(CBS) — Joseph Gagnepain of St. Charles put the finishing touches on his sculpture titled “Crystal Eyezed.”
“We’re making a portrait. A head out of snowflakes,” he said.
Gagnepain is on a three-man team, one of 15 professional teams from the U.S. and around the world and 12 high school teams from Chicago that are transforming 10-foot blocks of snow into creations of art.
“We’re making an Atzec rain God,” Carlos Ramirez said.
He and his team are braving the cold from Mexico.
“The name of our city is called Colima, “the city of palm trees ,” so you know what kind of weather we have,” Ramirez said.
The warm climate teams practice year-round with sand. Most make a small-scale model of their piece of art before they create the bigger version.
“We come up with a concept drawing and then we’ll work on a small scale model, usually made out of clay. We try to keep it in scale so we can measure on the model and then transfer those measurements to the sculpture. That way we keep it in proportion,” Randy Tackett of Rockford said.
For sculptors like Fran Volz of Rochelle, frigid weather is perfect: “When it’s nice and cold, it’s really hard, the snow is and your tools, you can get really good, sharp edges and the shadows are really defined and then it’s a beautiful piece. This is great weather this year, really.”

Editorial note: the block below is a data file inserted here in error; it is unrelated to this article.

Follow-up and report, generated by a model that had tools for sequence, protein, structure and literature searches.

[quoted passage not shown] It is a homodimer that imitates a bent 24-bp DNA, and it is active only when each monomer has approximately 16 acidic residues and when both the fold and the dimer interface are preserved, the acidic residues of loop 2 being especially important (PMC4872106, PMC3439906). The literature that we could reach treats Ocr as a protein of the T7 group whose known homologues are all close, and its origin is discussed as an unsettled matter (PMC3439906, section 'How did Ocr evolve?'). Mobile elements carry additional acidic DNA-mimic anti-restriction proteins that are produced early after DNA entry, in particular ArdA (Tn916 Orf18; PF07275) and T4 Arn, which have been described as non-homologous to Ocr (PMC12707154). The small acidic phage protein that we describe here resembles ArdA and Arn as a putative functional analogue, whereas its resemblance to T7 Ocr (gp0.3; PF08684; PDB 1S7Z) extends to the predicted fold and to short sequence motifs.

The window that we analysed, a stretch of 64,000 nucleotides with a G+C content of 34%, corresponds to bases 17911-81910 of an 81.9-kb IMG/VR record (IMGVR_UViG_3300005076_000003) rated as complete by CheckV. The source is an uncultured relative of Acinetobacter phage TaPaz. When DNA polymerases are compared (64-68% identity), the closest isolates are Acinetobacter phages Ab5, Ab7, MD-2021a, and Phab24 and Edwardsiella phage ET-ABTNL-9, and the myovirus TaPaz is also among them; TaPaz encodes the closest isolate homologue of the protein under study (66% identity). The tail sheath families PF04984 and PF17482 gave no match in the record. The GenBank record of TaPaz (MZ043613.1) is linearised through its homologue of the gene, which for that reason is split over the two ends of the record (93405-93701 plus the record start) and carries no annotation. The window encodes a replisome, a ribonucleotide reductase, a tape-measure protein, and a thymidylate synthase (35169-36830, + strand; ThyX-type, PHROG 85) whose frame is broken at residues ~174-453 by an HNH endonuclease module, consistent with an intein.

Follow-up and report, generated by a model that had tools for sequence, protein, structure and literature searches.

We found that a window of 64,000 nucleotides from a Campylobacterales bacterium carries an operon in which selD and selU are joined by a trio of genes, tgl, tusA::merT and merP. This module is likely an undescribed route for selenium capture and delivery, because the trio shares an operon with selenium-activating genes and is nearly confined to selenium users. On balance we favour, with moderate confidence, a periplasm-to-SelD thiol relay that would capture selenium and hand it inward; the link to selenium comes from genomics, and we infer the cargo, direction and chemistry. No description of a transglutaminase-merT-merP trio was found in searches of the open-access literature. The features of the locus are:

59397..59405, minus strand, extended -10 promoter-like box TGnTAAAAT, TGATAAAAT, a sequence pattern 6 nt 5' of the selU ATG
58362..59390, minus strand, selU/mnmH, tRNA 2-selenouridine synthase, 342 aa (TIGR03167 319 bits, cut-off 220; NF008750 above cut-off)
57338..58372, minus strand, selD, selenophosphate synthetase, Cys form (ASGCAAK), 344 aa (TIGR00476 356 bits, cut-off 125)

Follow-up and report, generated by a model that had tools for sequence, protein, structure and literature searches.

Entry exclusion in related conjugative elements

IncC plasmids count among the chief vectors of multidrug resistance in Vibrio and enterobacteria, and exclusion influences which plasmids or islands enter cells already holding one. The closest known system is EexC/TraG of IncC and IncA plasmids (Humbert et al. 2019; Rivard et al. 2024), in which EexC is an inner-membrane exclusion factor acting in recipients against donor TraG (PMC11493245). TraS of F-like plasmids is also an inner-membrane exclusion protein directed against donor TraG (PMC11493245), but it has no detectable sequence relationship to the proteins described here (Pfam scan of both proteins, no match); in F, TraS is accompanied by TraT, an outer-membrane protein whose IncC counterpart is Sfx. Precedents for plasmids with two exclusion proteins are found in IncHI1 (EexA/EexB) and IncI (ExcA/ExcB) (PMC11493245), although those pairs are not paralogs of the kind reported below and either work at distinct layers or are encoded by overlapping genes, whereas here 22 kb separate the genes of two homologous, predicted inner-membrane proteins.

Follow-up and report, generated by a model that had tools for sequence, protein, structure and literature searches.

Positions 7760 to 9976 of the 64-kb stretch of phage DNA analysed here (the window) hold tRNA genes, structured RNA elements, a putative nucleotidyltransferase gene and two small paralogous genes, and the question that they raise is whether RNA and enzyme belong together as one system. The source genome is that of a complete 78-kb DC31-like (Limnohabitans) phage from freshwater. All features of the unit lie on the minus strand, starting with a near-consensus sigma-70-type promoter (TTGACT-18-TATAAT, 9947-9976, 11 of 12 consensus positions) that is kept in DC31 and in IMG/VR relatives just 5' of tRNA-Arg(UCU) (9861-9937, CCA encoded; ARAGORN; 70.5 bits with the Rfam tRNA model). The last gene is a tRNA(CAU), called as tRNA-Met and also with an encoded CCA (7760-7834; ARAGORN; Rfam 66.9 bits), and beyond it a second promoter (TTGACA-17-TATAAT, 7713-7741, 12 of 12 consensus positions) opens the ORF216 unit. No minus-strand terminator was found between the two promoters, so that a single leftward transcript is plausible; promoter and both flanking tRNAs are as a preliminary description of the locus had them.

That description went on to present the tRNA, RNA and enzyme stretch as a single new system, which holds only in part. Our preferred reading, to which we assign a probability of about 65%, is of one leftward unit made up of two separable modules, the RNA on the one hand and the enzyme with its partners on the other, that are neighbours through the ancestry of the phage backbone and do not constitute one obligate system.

Adam Wormack from Detroit is a full-time engineer and has been snow sculpting since college.
“At the base was going to be a bunch of fallen buildings, a real abstract style and assembling itself from those buildings will be a rising Phoenix,” he said.
Wormack says they use special tools and work for days and their sculpture.
“We have a bunch of chisels, different types of saws and shaping tools. We use those to shape and smooth surfaces,” he said.
They will carve their works of art through Saturday, when the public will be able to view and vote on their favorite piece beginning at 11 a.m.
Navy Pier even brought in snow for the competition, a part of its annual Snow Days event.